Mauro Sparapani

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It is now well established that the formation of free radicals and oxidative stress-induced neuronal cell death can be involved in various neurodegenerative disorders, including Alzheimer's disease and Parkinson's disease. The pineal hormone melatonin has been suggested to be a neuroprotective antioxidant. To better understand the molecular mechanism of(More)
We have studied in a well-characterized in vitro neuronal system, cultures of cerebellar granule cells, the toxicity of polyamines endogenously present in the brain: spermine, spermidine, and putrescine. Twenty-four-hour exposure of mature (8 days in vitro) cultures to 1-500 microM spermine resulted in a dose-dependent death of granule cells, with the(More)
Pharmacological blockade of the (NMDA) receptor at critical stages of brain development may have long-lasting effects on brain chemistry and on animal behavior. We report here experiments in which the competitive NMDA receptor antagonist CGP 39551 was administered to rat pups from postnatal day 7 (P7) to P18. The stage of treatment was selected to primarily(More)
We used inspiratory resistive training (IRT) in an effort to improve the respiratory muscle endurance of 27 patients with respiratory failure who had failed repeated weaning attempts using standard techniques. Seven patients had primary neuromuscular diseases; the other 20 had primary lung diseases. All patients had stable respiratory failure, without gross(More)
A competitive antagonist of the N-methyl-D-aspartate receptor, CGP 39551, was administered daily to neonatal rats with increasing doses from postnatal day 1 to 22. These animals displayed approximately 50% decrease of body weight at the end of treatment and, therefore, both normal and neonatally undernourished rats were used as controls. At a young adult(More)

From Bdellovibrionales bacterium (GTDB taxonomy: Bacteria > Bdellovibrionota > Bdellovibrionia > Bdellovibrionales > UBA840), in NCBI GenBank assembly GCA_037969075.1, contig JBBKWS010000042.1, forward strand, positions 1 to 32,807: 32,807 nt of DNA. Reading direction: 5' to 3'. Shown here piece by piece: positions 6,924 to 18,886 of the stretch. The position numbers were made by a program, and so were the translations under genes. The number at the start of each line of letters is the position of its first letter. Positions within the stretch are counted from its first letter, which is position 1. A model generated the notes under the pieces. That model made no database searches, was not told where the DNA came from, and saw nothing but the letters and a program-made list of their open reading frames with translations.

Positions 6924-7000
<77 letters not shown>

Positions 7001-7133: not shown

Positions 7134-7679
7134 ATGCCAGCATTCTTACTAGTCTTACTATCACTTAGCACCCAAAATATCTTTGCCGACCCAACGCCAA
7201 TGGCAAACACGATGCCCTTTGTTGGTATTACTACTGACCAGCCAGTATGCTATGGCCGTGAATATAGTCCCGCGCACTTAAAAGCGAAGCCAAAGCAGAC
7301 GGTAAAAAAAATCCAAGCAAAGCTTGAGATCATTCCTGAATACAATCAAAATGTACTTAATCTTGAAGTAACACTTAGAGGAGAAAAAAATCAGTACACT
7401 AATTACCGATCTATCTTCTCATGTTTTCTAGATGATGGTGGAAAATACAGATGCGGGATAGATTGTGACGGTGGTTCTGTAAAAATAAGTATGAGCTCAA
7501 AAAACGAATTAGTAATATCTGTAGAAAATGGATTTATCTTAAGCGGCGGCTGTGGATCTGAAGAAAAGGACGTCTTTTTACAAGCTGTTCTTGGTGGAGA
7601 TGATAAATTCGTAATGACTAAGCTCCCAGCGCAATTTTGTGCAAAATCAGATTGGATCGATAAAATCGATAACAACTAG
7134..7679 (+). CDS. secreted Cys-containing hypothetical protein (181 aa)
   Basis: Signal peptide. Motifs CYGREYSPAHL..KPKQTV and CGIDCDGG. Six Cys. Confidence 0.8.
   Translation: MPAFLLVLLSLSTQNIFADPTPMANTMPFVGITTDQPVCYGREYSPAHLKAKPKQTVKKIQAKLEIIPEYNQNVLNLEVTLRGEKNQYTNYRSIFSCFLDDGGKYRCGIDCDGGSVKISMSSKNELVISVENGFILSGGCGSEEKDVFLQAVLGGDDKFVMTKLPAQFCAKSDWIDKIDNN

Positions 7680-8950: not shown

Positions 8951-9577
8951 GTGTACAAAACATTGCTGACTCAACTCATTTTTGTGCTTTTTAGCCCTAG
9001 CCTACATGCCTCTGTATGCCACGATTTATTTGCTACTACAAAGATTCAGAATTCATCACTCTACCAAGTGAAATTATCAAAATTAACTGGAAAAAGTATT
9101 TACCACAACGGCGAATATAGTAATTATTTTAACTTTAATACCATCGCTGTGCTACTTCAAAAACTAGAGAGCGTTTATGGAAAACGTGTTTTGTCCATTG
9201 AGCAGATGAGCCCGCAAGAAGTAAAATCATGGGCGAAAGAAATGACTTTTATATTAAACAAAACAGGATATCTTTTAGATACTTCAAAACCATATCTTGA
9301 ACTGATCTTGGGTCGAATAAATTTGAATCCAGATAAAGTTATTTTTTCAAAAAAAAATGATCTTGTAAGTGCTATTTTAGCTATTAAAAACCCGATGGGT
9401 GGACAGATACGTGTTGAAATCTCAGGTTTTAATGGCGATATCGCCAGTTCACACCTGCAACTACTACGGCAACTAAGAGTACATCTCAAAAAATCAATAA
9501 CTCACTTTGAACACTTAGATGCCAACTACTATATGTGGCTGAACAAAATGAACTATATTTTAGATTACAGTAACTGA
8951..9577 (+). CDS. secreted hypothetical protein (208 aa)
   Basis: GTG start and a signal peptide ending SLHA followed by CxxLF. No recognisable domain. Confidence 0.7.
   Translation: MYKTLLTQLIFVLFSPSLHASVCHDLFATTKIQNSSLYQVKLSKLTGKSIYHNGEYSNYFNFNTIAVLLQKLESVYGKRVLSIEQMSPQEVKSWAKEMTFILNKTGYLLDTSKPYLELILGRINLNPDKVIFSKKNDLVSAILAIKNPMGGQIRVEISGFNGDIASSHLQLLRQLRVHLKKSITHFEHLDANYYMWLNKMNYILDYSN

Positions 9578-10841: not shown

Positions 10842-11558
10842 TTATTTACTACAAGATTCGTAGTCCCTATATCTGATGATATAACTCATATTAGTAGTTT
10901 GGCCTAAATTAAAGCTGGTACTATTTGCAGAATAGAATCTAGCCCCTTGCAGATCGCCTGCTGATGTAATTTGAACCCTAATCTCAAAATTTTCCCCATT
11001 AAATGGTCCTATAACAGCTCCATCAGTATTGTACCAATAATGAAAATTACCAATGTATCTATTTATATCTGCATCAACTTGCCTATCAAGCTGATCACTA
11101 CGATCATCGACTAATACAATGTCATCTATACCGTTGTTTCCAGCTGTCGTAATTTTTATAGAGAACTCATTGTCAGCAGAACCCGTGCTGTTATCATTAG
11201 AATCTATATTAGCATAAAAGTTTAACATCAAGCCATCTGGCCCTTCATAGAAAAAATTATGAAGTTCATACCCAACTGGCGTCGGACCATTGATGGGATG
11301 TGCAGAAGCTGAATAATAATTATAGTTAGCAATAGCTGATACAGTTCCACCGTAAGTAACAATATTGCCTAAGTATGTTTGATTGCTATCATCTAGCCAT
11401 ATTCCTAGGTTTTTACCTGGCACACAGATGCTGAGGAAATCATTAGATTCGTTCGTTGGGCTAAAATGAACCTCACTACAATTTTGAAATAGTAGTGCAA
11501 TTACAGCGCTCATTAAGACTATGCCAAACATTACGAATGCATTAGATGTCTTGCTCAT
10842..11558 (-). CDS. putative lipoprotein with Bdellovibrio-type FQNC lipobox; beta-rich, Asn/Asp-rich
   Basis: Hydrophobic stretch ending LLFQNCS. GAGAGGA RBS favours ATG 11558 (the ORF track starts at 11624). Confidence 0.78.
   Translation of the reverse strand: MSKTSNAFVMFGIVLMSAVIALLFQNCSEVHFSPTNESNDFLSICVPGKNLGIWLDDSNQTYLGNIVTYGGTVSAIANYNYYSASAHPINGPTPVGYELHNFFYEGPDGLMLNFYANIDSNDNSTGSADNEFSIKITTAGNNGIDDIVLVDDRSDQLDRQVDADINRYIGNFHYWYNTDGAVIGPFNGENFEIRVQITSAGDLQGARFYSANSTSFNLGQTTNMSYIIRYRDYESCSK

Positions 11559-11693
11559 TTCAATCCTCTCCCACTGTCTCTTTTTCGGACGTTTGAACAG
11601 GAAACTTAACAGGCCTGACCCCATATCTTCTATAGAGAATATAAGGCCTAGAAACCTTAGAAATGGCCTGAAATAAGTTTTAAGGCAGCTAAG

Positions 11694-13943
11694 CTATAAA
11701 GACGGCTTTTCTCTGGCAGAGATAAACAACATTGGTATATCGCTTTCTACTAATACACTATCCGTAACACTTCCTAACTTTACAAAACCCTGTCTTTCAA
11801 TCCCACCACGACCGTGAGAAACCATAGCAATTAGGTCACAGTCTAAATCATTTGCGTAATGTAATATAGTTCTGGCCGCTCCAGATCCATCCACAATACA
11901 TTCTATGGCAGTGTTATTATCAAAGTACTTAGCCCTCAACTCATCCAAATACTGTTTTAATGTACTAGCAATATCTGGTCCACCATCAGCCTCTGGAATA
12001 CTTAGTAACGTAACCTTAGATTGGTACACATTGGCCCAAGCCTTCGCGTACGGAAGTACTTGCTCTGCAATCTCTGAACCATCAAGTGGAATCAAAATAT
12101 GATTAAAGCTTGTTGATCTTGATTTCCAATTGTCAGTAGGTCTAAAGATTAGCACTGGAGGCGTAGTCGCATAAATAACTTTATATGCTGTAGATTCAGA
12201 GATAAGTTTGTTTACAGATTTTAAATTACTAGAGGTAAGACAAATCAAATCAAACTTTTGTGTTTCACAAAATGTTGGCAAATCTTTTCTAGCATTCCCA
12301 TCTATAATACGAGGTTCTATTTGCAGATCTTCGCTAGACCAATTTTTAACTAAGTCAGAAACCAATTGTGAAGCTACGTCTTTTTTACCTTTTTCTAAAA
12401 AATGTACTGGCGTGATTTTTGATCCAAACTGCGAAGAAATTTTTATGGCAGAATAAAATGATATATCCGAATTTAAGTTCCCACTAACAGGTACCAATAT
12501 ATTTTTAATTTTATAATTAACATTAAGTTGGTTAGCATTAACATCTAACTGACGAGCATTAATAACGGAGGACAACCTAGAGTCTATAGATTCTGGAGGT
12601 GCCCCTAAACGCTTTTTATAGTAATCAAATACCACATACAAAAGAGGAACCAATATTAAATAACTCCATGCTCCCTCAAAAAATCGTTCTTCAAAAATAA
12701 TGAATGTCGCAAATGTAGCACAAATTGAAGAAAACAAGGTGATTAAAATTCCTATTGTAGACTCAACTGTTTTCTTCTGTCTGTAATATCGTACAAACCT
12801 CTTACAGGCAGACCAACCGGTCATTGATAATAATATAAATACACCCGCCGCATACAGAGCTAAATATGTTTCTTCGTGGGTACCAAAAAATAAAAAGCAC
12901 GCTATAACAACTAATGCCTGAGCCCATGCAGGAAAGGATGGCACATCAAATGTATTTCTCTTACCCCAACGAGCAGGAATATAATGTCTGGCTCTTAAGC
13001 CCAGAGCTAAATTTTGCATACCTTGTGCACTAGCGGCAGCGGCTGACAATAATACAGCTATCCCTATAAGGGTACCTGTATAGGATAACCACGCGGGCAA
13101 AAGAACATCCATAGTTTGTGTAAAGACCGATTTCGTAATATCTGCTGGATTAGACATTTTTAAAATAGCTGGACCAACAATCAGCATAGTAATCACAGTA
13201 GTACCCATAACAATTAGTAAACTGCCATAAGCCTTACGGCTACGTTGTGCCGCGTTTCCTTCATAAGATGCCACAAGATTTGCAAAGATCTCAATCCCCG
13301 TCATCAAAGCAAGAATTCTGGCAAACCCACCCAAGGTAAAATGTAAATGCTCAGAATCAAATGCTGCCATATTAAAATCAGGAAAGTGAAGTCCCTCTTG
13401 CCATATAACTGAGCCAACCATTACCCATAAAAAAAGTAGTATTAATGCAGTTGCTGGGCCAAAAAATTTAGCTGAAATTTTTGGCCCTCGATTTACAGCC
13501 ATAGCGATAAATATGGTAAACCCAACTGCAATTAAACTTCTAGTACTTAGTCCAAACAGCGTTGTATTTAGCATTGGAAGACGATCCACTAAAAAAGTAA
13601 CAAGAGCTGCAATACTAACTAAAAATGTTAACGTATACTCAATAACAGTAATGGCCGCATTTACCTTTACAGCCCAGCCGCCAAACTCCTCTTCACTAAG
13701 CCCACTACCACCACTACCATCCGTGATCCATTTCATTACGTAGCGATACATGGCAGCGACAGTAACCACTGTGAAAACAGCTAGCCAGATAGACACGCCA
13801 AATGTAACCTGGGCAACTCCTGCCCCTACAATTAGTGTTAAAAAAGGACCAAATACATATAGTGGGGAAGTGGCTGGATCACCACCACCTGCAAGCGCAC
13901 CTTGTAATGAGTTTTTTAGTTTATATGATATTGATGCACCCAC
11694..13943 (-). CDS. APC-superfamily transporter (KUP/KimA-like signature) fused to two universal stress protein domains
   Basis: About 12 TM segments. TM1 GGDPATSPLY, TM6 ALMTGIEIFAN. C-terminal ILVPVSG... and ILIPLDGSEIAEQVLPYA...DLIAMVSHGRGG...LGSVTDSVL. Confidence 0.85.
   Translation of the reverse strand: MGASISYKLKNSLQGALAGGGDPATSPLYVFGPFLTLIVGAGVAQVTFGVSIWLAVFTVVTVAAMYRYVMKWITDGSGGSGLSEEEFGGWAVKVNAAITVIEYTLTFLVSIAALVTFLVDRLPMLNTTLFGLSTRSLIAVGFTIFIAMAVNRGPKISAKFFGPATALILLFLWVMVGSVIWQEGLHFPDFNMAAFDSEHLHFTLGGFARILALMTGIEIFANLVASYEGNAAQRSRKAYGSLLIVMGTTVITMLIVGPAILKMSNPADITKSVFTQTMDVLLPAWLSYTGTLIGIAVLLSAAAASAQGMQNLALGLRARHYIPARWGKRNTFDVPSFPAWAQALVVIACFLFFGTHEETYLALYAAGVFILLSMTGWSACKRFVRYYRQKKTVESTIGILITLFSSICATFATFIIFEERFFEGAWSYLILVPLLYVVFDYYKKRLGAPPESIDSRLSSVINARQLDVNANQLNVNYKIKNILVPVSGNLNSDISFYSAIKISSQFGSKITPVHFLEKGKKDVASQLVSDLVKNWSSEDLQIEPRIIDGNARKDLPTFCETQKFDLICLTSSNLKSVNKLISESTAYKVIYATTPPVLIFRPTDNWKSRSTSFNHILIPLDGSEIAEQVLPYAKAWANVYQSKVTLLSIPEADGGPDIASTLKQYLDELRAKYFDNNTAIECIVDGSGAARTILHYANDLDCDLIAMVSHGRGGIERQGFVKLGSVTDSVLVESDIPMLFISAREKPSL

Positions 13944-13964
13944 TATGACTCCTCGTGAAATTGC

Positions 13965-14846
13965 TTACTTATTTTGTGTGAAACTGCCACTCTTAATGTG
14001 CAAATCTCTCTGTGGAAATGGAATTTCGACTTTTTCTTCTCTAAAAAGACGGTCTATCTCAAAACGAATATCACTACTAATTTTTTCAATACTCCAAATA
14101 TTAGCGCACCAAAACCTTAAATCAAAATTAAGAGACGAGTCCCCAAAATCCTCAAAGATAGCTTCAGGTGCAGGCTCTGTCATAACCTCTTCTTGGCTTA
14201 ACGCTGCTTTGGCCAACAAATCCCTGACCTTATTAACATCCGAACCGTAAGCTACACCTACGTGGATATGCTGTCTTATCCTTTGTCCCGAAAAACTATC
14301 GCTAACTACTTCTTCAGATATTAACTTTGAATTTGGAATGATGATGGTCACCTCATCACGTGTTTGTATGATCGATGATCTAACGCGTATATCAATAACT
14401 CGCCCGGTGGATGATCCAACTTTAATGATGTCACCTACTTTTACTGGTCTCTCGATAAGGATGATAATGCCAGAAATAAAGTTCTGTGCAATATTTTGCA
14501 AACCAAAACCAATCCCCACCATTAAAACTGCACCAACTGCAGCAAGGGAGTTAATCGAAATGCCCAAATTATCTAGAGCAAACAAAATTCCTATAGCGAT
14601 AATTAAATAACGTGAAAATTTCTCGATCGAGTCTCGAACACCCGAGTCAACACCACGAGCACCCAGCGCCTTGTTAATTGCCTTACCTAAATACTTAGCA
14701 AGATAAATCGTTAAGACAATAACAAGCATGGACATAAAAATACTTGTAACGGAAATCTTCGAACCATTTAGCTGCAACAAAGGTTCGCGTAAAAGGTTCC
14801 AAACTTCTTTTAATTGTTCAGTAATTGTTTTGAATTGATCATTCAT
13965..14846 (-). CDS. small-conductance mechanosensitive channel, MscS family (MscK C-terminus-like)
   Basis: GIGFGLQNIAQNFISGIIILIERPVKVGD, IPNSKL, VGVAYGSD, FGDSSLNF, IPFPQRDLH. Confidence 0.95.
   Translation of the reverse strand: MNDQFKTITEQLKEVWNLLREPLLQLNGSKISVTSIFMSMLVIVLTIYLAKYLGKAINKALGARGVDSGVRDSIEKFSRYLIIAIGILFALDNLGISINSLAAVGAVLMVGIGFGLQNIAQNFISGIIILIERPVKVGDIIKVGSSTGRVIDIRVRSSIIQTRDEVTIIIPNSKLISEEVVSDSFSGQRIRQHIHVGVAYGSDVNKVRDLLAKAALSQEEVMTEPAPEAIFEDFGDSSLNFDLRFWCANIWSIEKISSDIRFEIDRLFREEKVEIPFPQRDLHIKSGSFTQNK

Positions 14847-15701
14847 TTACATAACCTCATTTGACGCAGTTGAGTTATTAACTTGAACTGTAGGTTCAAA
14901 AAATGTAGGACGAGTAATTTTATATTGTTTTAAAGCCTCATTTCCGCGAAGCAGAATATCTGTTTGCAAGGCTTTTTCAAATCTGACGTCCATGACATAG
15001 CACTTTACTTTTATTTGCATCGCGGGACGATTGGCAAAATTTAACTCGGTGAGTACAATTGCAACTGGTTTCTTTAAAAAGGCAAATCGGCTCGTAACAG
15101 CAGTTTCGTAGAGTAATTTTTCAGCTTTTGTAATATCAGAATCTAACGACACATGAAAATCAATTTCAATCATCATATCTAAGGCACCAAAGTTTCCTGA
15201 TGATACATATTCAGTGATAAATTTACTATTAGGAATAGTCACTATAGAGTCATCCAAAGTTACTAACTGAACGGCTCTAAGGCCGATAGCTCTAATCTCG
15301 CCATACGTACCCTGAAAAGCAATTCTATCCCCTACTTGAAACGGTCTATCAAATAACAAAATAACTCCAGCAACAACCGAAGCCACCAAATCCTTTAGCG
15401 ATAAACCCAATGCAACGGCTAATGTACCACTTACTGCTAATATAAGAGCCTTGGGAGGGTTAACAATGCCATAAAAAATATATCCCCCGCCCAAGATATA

Young adult rats were chronically treated with lithium (2.5 mmol/kg/day) for 16 days. The day after the last lithium administration, rats were injected s.c. with the excitotoxic convulsant kainic acid (10 mg/kg). As compared to saline controls, lithium-treated rats had no apparent attenuation of convulsions. Furthermore, the induction of brain ornithine(More)
Pregnant rats were treated for five consecutive days during gestation with s.c. injections of the ornithine decarboxylase (ODC) inhibitor alpha-difluoromethylornithine (DFMO). Treatment beginning at gestational days 13 or 14 was effective in inhibiting ODC and altering polyamine levels, and resulted in relatively small decreases in body and forebrain(More)
Polyamines and the key enzyme for their biosynthesis, ornithine decarboxylase (ODC) play an important role in the control of neuronal proliferation and differentiation. Exposure to agents that interfere with normal cell maturation is expected to result in alteration of neuronal ODC developmental pattern. We have administered to newborn rats, about 6 and 30(More)
Microencephalic rats obtained by gestational treatment with the DNA alkylating agent methylazoxymethanol, show a remarkable lack of sensitivity to excitotoxic neuropathology caused by systemic injections of the convulsant neurotoxin kainic acid. Taking advantage of this, we have studied in these rats, as well as in normal rats, the relationship between the(More)
Ornithine decarboxylase (ODC), the key enzyme for polyamine biosynthesis, dramatically decreases in activity during normal cerebellar development, in parallel with the progressive differentiation of granule neurons. We have studied whether a similar pattern is displayed by cerebellar granule neurons during survival and differentiation in culture. We report(More)